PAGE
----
While most of these things encircle and embrace her, the way "tender" or "loving"-- to borrow terms from other such songs-- arms might, the "chocolate candy that you taste" is an unmistakeable metaphor.

One way of looking at this is that he wants things to be equal. He wants to envelope her, but is equally willing to be enveloped by her. But that, in today's lingo, is almost definitive co-dependency.

Now, there is nothing necessarily wrong with erotic images expressed by one who is already intimate with his listener. But there are two "red flags" here. One, the images are erotic too soon, before intimacy or even familiarity. The other is the smothering nature of the images.

While we can argue that the Temptations song has its faults-- it literally objectifies the woman by comparing her to objects, for one-- at least there is only one image of "holding you so tight." Here, almost every object the speaker conjures is one of surrounding her or buffering her from the outside world. Surely, irrational jealousy cannot be far behind.

Also, the Temptations song is upbeat and airy. Our song is smoky and  sultry. The emotion meant to be conveyed is seduction, but he knows she doesn't even love him yet.

So while, structurally, the song presages "The Way You Do the Things You Do," on an emotional level, it foreshadows a more shadowy one: The Police's "I'll Be Watching You."


Next Song: Just a Boy

Monday, February 3, 2014

Aeroplane of Silver Steel

There is nothing wrong with experimentation, with trying something new. Edison is said to have told a reporter that, no, he did not fail more than 5,000 times when trying to find the best light-bulb filament. In fact, he did not fail even once! Rather, he said, he successfully proved that those 5,000 filaments did not work.

This song, "Aeroplane of Silver Steel," does not work. If it were an "aeroplane," it would not fly. It is at once too childish and too over-reaching in its attempts to be mature, like a toddler shuffling about in his father's loafers. Even the spelling "aeroplane" hints at the European, archaic ambitions-- no mere "airplane," this!

The structure is pop-operatic, like "Memory" from Cats. The guitar work is hyper-dramatic and Latinate, a flamenco or tango. So the whole effect is that this was a song left out of Man of La Mancha.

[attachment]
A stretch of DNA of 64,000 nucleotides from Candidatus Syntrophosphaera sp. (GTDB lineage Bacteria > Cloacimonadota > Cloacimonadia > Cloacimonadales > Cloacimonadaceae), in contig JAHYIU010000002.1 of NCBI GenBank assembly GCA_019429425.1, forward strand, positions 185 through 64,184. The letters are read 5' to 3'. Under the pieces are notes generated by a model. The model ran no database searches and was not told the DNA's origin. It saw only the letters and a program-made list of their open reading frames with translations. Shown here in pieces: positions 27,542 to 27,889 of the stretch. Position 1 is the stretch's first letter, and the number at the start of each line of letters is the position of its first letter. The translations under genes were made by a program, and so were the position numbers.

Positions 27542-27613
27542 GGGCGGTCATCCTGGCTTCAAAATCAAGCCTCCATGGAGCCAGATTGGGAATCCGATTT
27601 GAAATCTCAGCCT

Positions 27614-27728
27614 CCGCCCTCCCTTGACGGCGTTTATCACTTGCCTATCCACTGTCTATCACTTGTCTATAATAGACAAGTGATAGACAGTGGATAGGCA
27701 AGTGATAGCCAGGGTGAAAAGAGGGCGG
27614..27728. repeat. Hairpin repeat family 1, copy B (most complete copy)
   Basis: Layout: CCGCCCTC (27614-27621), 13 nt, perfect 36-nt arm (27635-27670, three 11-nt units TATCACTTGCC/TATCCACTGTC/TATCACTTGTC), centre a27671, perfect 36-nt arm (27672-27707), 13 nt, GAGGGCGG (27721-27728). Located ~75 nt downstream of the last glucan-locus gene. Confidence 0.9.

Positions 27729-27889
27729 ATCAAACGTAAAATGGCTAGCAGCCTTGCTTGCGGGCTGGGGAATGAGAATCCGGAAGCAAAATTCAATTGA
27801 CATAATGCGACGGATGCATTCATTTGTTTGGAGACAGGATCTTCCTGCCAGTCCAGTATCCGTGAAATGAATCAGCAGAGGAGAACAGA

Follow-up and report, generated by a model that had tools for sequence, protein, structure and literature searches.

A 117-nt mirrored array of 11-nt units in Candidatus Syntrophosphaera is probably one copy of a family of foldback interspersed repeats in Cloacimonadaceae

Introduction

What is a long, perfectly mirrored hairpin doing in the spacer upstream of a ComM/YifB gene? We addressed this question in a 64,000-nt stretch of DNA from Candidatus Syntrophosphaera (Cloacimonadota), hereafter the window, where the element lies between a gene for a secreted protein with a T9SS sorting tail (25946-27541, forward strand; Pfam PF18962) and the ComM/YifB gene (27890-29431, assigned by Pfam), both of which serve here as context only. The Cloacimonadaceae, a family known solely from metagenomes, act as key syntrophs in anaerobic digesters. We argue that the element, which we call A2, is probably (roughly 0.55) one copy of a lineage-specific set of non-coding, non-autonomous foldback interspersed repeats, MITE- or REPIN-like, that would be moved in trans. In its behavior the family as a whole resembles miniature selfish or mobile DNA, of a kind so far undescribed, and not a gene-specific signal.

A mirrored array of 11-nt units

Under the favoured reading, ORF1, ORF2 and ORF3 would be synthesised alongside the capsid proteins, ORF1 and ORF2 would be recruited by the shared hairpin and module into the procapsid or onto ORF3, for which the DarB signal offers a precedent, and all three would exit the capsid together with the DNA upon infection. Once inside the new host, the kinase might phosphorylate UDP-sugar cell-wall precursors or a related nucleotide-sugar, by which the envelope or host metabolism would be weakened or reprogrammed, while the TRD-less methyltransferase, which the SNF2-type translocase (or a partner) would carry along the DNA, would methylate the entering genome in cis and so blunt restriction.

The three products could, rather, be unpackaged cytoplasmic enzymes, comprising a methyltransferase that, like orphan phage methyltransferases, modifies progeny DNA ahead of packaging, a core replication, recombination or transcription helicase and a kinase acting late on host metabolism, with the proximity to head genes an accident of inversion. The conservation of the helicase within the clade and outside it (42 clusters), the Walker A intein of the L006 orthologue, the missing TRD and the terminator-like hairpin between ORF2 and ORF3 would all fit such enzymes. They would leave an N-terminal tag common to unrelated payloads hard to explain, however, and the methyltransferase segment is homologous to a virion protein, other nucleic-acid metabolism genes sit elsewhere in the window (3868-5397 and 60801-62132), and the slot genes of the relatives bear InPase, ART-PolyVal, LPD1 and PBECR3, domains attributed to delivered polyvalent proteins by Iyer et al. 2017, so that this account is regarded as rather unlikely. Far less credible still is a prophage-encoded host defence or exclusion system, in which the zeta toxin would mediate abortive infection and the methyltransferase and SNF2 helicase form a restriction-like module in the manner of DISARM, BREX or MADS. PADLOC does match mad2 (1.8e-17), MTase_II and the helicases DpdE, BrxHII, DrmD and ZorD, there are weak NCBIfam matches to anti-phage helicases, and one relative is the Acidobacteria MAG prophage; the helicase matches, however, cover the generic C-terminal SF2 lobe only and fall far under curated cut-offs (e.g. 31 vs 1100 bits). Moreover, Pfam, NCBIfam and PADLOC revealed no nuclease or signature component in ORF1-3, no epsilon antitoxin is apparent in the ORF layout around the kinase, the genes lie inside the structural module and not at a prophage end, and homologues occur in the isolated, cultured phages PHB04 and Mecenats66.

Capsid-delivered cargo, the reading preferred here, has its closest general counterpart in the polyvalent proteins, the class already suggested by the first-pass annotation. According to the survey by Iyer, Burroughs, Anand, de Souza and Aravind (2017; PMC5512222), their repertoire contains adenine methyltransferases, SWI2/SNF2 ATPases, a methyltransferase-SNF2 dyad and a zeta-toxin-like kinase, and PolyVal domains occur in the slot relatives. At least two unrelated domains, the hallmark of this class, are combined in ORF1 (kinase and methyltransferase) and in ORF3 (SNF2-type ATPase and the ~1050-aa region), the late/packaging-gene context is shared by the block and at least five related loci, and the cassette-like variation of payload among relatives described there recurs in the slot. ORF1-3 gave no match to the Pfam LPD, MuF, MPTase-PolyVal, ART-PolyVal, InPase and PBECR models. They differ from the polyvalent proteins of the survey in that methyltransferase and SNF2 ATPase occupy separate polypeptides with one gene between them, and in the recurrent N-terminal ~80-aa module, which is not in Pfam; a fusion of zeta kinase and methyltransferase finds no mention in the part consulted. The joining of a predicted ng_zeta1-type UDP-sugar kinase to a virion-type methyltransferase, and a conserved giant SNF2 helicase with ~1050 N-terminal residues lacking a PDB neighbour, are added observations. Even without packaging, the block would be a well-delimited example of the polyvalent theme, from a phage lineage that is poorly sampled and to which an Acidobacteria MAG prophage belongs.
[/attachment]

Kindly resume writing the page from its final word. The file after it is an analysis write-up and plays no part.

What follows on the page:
"Aeroplane of silver steel high in the night/ Someday, I shall soar with you in your flight," the speaker begins. "Never has another flown as high as you and I." This is high-flown poetry, indeed.

"I shall fly my own plane high above." Now, what will that rhyme with? "The earth which holds me while I'm dreaming of/ Roaring through the clouds, and speeding fast, to my love."

Now, the song makes a sudden break from its soaring rhetoric and strummings, and finds a cha-cha rhythm. All of that... stuff was introduction. Now we are onto the subject itself. Which is-- what happens when the plane lands? Well, our dashing Red Baron is not coming empty handed!

"To bring her chocolates/ To bring her candies." Well, that's thoughtfully, if predictably, romantic. Anything else in the cargo bay? "To bring her herbs and tasty spices that she can cook." Ah. Well, all the early explorers sought the Spice Islands. But... cook for whom, exactly? Some hungry pilot, hmm?

"To bring her ribbons/ To bring her laces." Our Flying Ace have been to both the Spice Islands and the Silk Road, it seems. This is one domestic little lady he has. I mean, I'm not seeing any diamonds or furs on the manifest. "To bring her tingling silver to fill her pocketbook." Close. But why "tingling?" Did he mean "jingling?" Or is this money that is begging to be spent?

This list is repeated. Then, not leaving the faster rhythm, the first verse about the aeroplane is repeated. And the song ends.

In general, three kinds of people fly their own planes. One flies for business, whether spraying crops with chemicals or entertaining festival crowds with stunts. One is the rich playboy who flies for both business and vacations; the plane is fun, but mostly just a convenient, luxurious method of getting where the fun really is.

The third is the weekend pilot for whom his plane fills the same function as another man's speedboat, motorcycle, or off-roader-- simple thrills.

Then there is the speaker. His airplane-- excuse me, "aeroplane"-- is just a long-range shopping cart. He seems to enjoy the sensation of soaring, but mostly the vehicle is his method for procuring expensive items with wish to lavish his (rather domestic) lady love. No, the internet has not been invented when this song was written. But mail-order catalogs had been.

Perhaps he wishes to travel, like George Bailey of It's a Wonderful Life. And he wishes his wife had more adventurous tastes in goods and travel, but is too much of a homebody to actually spirit off to Gay Paree or The Mysterious Orient or the sultry bazaars of The Levant.

So this is his compromise. He will fly to Far-Off Lands... and bring their bounty back to her! But nothing too exotic. He hasn't brought back any furs, but also no tiger-skin rugs. No diamonds, but no anklets or nose-rings, either. No artifacts or handicrafts. Just "chocolates" and "spices." (It could also be that the speaker was not a reader or movie-goer, and had no real knowledge of the huge variety of exotic items Far-Off Lands offered, even to 1950s tourist.)

In any case, even if she still isn't inspired to follow him, at least he isn't tied down to Levittown.

So why doesn't this aeroplane reach the clouds? Our speaker has an imagination big enough to imagine limitless possibilities of travel... but not enough imagination to know what to do with so much opportunity. He's a would-be swashbuckler, but as a New Yorker cartoon of a middle-aged pirate had it, he's "too much buckle and not enough swash."

And so the song's lofty ambitions are also unfulfilled. With a soaring melody and a fantastical metaphor, all it can come up with is... dinner and dessert. And a sewing project for the weekend.

Next Song: I'd Like to Be